beta is the power, or (1- the risk of type II error). Type II error is the probability of missing a significant result and declaring it nonsignificant after hypothesis testing. Power is often set at 80%, or 0.8, but can be 90%, 95%, or 99%, depending on how important it is not to miss a significant result, and how much money and time you have to spend (both of which tend to increase N and power).

There is often an important tradeoff between type I and type II error. Things that decrease type II error (increase power) like spending more time and money for a larger N, will increase your risk of type I error. Conversely, reducing your risk of type I error will generally increase your risk of type II error. You may be in situations in which you have to decide which type of error is more important to avoid for your clinical situation to maximize benefit and minimize harms for patients.

18.3 Paired t-tests (before vs after, or truly paired)

As you can see from the above example, you can use a before-after design to measure differences from baseline, and essentially convert a two-sample paired design (each participant’s baseline measurement is paired with their post-intervention measurement) to a single sample design based on the difference between the before and after values.

The before-after (or baseline-postintervention) design is probably the most common paired design, but occasionally we have truly paired designs, like when we test an ointment for psoriasis on one arm, and use a placebo or sham ointment on the other arm. When this is possible, through bilateral symmetry (this also works for eyedrops in eyes, or dental treatments), it is much more efficient (in the recruiting sense) than recruiting separate groups for the treatment and control arms.

To see the difference between two-sample and paired designs, run the code chunk below, for a two-sample study with a Cohen’s d of 0.8 and 80% power. Then change the type to “paired”, and see the effect on sample size.

pwr::pwr.t.test(n = NULL, # note that n is per arm
                sig.level = 0.05, 
                type = "two.sample", 
                alternative = "two.sided", 
                power = 0.8, 
                d = 0.8)

Note that this changes the needed sample size from 52 subjects (26 per arm) to 15 subjects (as there is only one participant needed each paired application of 2 study treatments, and n in this case indicates the number of pairs), though it would be wise to randomize patients to having the treatment on the right vs. left arm (to maintain the blind). This is a large gain in recruiting efficiency. Use paired designs whenever you can.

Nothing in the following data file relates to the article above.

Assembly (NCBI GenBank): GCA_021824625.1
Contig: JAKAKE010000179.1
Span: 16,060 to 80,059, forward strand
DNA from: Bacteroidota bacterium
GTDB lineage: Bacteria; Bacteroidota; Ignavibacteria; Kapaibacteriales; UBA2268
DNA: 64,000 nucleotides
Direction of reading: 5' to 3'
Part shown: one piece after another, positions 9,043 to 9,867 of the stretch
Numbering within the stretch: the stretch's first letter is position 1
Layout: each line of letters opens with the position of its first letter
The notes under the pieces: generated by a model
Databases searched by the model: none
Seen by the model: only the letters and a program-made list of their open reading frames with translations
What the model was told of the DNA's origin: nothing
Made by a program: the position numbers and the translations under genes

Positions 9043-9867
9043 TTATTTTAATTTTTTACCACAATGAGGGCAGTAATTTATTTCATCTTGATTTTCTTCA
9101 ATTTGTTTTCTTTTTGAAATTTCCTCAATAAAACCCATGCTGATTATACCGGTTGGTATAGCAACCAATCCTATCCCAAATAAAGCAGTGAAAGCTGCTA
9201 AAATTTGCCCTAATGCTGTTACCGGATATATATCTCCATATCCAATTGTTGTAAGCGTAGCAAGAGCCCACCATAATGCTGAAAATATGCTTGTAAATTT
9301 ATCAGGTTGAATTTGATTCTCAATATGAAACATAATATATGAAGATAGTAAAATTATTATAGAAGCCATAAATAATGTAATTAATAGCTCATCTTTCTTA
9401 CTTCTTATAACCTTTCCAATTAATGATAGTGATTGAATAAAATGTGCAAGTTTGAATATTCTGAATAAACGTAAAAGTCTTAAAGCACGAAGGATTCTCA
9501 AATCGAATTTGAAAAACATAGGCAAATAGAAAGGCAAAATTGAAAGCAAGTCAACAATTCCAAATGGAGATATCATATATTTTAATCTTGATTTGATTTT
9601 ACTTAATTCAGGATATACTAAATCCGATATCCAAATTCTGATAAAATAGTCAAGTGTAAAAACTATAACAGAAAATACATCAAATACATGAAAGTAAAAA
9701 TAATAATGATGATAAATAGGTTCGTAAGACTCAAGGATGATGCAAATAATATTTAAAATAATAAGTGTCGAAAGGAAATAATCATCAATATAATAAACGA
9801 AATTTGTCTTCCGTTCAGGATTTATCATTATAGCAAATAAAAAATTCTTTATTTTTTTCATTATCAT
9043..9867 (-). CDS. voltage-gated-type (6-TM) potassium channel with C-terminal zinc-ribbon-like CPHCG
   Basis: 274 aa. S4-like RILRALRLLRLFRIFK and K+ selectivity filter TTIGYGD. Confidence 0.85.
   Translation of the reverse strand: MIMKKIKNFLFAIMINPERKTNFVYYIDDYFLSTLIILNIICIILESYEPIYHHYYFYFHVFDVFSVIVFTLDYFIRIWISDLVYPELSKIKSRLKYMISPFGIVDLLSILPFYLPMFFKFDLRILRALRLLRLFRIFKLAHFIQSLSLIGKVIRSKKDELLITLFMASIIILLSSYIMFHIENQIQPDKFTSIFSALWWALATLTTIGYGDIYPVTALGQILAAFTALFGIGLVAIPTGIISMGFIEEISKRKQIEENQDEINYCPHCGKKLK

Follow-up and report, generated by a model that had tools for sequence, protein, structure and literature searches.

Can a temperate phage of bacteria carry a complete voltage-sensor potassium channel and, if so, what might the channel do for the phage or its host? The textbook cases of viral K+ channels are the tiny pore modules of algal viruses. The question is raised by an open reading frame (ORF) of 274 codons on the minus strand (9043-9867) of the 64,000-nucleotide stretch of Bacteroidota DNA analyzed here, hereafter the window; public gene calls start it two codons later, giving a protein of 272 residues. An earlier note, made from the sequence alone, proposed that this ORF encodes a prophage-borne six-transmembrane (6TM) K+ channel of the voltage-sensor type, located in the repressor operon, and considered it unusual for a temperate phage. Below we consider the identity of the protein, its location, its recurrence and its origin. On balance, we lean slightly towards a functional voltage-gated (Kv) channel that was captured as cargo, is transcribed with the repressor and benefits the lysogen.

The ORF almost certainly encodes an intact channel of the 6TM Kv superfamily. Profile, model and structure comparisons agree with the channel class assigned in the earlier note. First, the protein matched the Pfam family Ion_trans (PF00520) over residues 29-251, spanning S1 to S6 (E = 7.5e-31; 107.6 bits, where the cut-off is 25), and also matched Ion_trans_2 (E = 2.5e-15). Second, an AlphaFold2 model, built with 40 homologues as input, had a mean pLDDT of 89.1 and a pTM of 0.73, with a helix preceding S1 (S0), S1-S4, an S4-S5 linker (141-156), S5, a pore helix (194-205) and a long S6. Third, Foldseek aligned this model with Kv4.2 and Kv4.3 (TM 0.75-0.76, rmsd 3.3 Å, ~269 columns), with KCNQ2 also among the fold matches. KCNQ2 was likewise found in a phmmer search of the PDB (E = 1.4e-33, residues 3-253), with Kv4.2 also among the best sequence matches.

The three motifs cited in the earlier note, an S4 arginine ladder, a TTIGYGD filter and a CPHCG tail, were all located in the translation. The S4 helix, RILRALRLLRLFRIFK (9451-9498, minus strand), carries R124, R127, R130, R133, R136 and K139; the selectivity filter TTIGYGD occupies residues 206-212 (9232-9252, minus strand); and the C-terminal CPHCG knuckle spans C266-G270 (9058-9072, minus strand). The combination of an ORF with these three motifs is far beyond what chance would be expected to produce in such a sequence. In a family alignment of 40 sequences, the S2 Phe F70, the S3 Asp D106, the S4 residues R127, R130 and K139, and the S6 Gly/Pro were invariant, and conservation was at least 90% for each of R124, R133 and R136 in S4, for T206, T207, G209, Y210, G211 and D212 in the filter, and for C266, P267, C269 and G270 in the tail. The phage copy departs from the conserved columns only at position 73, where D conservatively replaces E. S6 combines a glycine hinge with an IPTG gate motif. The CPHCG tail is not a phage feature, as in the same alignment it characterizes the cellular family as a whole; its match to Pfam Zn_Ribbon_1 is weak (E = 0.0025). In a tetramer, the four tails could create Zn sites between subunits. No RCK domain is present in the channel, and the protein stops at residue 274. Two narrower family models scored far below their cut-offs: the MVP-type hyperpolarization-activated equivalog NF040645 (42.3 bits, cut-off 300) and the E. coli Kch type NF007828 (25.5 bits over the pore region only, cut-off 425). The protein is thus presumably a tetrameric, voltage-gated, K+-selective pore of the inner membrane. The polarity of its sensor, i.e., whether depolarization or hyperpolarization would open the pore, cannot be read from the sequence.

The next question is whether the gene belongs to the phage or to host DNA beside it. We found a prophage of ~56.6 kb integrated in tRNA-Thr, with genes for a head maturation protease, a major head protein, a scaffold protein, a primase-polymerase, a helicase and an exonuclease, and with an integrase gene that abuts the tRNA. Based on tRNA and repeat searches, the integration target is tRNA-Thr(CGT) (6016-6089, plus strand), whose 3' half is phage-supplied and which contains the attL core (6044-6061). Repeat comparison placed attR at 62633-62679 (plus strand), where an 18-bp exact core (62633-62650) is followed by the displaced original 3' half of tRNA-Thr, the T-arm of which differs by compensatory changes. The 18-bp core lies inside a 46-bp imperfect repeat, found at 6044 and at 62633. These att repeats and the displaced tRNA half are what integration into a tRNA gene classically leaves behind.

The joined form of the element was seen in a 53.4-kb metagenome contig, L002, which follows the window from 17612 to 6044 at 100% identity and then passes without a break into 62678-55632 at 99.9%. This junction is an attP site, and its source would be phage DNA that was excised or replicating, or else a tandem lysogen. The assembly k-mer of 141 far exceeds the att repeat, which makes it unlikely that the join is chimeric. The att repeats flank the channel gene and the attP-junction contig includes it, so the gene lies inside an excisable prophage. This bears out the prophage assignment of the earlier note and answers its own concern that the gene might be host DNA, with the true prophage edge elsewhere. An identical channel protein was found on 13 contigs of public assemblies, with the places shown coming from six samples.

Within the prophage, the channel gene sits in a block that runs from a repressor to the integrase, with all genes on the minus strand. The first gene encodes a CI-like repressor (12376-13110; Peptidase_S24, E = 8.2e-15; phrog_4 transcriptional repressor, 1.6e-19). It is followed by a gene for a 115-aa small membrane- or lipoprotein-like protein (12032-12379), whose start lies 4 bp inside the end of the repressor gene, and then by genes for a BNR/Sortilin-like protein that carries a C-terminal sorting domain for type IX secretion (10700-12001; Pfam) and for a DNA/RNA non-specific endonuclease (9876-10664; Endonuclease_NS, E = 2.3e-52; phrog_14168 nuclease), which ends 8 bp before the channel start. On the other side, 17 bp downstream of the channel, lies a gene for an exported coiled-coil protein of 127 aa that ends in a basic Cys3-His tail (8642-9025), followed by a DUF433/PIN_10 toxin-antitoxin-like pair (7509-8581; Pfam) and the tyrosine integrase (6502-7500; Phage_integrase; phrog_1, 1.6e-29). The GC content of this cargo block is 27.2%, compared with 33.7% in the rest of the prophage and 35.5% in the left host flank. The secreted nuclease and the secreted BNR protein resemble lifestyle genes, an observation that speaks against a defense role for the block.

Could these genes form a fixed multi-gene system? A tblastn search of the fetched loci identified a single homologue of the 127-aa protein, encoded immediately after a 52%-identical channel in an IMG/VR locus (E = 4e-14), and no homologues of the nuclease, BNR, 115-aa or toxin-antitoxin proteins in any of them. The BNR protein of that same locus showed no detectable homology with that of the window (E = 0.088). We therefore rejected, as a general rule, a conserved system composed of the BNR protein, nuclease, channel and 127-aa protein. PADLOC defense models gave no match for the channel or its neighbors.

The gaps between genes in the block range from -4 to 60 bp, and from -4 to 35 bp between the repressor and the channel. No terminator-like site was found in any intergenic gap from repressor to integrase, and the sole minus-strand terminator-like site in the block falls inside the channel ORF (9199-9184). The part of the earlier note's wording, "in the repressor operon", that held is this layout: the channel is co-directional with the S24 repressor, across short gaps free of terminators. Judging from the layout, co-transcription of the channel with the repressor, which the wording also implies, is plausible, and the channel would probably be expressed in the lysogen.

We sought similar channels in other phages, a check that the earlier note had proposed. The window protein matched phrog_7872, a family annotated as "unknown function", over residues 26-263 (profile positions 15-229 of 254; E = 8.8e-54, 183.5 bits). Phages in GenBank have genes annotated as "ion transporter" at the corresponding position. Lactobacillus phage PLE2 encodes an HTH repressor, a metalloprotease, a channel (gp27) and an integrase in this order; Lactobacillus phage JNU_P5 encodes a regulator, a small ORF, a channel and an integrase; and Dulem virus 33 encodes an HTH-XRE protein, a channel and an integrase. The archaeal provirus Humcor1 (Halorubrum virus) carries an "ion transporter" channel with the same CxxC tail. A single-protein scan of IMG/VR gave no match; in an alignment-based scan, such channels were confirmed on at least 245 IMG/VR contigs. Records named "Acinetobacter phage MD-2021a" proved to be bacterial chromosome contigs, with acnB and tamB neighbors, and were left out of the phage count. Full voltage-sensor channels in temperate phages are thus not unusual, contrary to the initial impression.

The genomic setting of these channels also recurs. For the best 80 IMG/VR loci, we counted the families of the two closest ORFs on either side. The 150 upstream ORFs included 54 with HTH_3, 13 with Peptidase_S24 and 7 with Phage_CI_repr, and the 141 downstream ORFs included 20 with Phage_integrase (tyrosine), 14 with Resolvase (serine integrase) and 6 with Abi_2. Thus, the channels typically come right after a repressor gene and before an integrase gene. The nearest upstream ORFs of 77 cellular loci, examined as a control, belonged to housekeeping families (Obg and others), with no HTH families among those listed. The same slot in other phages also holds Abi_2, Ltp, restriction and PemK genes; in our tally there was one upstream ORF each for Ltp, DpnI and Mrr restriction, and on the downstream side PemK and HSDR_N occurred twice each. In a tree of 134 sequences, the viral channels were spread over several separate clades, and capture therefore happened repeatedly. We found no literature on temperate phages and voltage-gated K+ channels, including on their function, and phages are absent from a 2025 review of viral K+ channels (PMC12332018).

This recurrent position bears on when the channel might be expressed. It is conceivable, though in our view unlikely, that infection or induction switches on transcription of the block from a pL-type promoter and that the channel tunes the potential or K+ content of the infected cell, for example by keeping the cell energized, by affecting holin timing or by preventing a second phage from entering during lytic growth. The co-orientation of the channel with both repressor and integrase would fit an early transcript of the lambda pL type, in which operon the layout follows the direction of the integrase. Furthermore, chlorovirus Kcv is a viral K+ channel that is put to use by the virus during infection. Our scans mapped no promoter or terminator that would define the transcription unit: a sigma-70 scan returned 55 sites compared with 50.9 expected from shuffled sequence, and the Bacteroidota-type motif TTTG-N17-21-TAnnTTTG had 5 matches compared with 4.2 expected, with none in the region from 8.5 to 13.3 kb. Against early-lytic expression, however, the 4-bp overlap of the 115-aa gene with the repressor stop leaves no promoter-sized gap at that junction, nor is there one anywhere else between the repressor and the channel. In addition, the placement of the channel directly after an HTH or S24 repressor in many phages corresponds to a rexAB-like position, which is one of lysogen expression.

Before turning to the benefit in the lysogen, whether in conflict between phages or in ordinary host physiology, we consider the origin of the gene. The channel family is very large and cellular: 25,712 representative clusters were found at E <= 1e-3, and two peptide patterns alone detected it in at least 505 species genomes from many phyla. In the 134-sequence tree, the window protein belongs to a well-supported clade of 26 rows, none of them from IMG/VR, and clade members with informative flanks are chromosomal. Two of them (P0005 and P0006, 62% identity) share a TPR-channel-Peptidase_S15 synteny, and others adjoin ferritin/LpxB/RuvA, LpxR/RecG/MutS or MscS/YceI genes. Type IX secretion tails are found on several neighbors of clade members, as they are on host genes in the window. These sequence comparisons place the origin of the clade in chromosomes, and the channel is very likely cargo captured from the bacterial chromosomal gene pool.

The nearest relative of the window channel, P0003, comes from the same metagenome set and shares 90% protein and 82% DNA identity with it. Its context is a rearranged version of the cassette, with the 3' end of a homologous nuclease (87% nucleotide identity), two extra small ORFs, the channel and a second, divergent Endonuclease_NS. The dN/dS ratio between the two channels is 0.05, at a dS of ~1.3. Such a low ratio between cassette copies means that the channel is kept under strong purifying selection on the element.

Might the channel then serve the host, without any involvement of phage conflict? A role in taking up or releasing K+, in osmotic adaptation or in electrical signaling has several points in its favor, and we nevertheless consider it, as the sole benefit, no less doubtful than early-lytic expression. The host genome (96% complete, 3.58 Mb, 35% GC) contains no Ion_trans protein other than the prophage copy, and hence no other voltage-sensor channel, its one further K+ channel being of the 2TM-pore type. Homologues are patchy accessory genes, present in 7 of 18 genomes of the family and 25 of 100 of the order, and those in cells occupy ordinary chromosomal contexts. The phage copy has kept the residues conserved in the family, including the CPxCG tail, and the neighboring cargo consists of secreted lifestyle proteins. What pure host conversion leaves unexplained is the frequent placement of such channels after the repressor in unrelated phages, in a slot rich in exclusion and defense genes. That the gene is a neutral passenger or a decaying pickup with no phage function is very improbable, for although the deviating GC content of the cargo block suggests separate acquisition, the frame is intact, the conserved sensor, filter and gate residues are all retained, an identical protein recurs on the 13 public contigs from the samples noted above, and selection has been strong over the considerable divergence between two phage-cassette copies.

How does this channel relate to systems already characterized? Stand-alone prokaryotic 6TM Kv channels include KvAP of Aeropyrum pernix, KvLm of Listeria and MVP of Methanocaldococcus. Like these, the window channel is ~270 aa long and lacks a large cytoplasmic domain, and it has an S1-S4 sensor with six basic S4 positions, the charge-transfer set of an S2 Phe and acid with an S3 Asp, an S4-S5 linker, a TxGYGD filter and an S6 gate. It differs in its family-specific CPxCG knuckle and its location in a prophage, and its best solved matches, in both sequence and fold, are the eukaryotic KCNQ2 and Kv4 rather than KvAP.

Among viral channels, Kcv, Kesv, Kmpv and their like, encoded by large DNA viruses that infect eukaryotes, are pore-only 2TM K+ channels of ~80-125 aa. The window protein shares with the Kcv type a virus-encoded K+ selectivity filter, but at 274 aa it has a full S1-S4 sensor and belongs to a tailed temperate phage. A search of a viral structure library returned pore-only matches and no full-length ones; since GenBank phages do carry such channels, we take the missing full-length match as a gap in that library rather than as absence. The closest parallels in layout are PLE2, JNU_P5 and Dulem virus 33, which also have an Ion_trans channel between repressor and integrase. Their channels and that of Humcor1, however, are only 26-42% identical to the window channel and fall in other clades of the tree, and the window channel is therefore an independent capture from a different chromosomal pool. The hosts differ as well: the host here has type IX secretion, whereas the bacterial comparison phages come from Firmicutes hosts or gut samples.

18.4 2 Sample t tests with Unequal Study Arm Sizes

Occasionally investigators want unbalanced arms, as they feel that patients are more likely to participate if they have a greater chance of receiving the study drug than the placebo. It is fairly common to use 2:1 or 3:1 ratios. Larger ratios, like 4:1 or 5:1, are thought to risk increasing the placebo response rate, as participants assume that they are on the active drug. This is somewhat less efficient in recruiting terms, but it may improve the recruiting rate enough to compensate for the loss in efficiency.

This requires a slightly different function, the pwr.t2n.test() function. Let’s look at an example below. Instead of n, we have n1 and n2, and we have to specify one of these, and leave the other as NULL. Or we can try a variety of ratios of n1 and n2, leaving the power set to NULL, and test numbers to produce the desired power.

We are proposing a study in which the expected reduction in systolic blood pressure is 10 mm Hg, with a standard deviation of 20 mm Hg. We choose an n1 of 40, and a power of 80%, then let the function determine n2.

pwr::pwr.t2n.test(n1 = 40,
                  n2 = NULL,
                sig.level = 0.05,
                alternative = "two.sided", 
                power = 0.8, 
                d = 0.5)

In this case, n2 works out to slightly over 153 in the drug arm, or nearly 4:1.

Calculating effect size, or Cohen’s d.